Like Nima, Furdiki had mountains in her genes. Her father was Ang Nima Sherpa, popularly known as "The Icefall Doctor." He specialized in the Khumbu Icefall, a glacier mass which is more than 500 feet deep. Many mountaineers regard this as the most hazardous part of the Everest climb. It was considered impossible to cross when the British first discovered it. Ang Nima Sherpa and his team of Sherpas were the ones responsible for mapping the route up in the Khumbu Icefall, from the base camp to camp 1 and then to camp 2. Like a surgeon specializes in using surgical instruments and tools, the Icefall Doctor had mastered ladders, ropes and ice screws.
Furdiki Sherpa was also born in Khumjung village. She was the eldest child in the family and had a lot of responsibilities. "My siblings were small and my parents were always busy with work so I never had the opportunity to step inside a school." Furdiki used to go to the base camp often with her yaks, transporting expedition equipment. "When I was young, every day was an exciting adventure. I used to work all day and in the evenings, I spent time with my friends, having conversations about life and making fun of each other." Her relationship with her friends has always been special. "Even if I didn't have anything, if my friends needed help, I was there for them like they were there for me."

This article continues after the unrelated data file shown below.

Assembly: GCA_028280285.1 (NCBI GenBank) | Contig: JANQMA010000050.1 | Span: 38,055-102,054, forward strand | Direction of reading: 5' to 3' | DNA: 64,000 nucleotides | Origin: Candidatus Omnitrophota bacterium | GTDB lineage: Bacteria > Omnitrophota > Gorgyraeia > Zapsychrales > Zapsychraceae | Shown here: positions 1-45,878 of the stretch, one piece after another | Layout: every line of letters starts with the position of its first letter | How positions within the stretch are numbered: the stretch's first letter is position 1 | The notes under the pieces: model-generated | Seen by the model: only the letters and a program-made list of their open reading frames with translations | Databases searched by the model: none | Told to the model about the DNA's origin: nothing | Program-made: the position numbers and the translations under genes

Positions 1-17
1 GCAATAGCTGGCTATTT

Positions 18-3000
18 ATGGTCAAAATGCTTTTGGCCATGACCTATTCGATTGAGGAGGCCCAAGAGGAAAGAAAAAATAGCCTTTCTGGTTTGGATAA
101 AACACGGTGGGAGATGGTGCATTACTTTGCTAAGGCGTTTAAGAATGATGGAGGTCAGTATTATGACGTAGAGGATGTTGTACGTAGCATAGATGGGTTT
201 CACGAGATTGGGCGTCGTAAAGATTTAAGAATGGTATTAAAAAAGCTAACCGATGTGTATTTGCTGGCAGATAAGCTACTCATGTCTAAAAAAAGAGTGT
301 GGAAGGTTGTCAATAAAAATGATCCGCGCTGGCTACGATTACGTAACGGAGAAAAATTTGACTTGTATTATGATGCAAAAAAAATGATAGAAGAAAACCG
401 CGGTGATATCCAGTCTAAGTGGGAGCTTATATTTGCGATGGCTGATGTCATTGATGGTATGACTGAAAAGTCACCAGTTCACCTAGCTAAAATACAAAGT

She met with her husband Mingma Sherpa when he came to Khumbu from Solu to construct a house. "My husband was in construction work. The man who made houses made a home for me." Her husband and her father were more like friends. They had spent all their lives in the mountains and could relate on many things. She got married when she was 19 and had her first child when she was 21.
Neither she nor her husband had received an education, so they faced a lot of challenges. Her husband was also an experienced guide in addition to being a carpenter. He went to the mountain and she would travel to base camp with her yaks, carrying equipment. "Traveling to base camp was never unique to me. One time I even went to there carrying my 7 month old baby and spent a night there". Her father died peacefully in his home and her husband, who had taken over the title of the "Icefall Doctor" died few months later in the Icefall itself in 2013.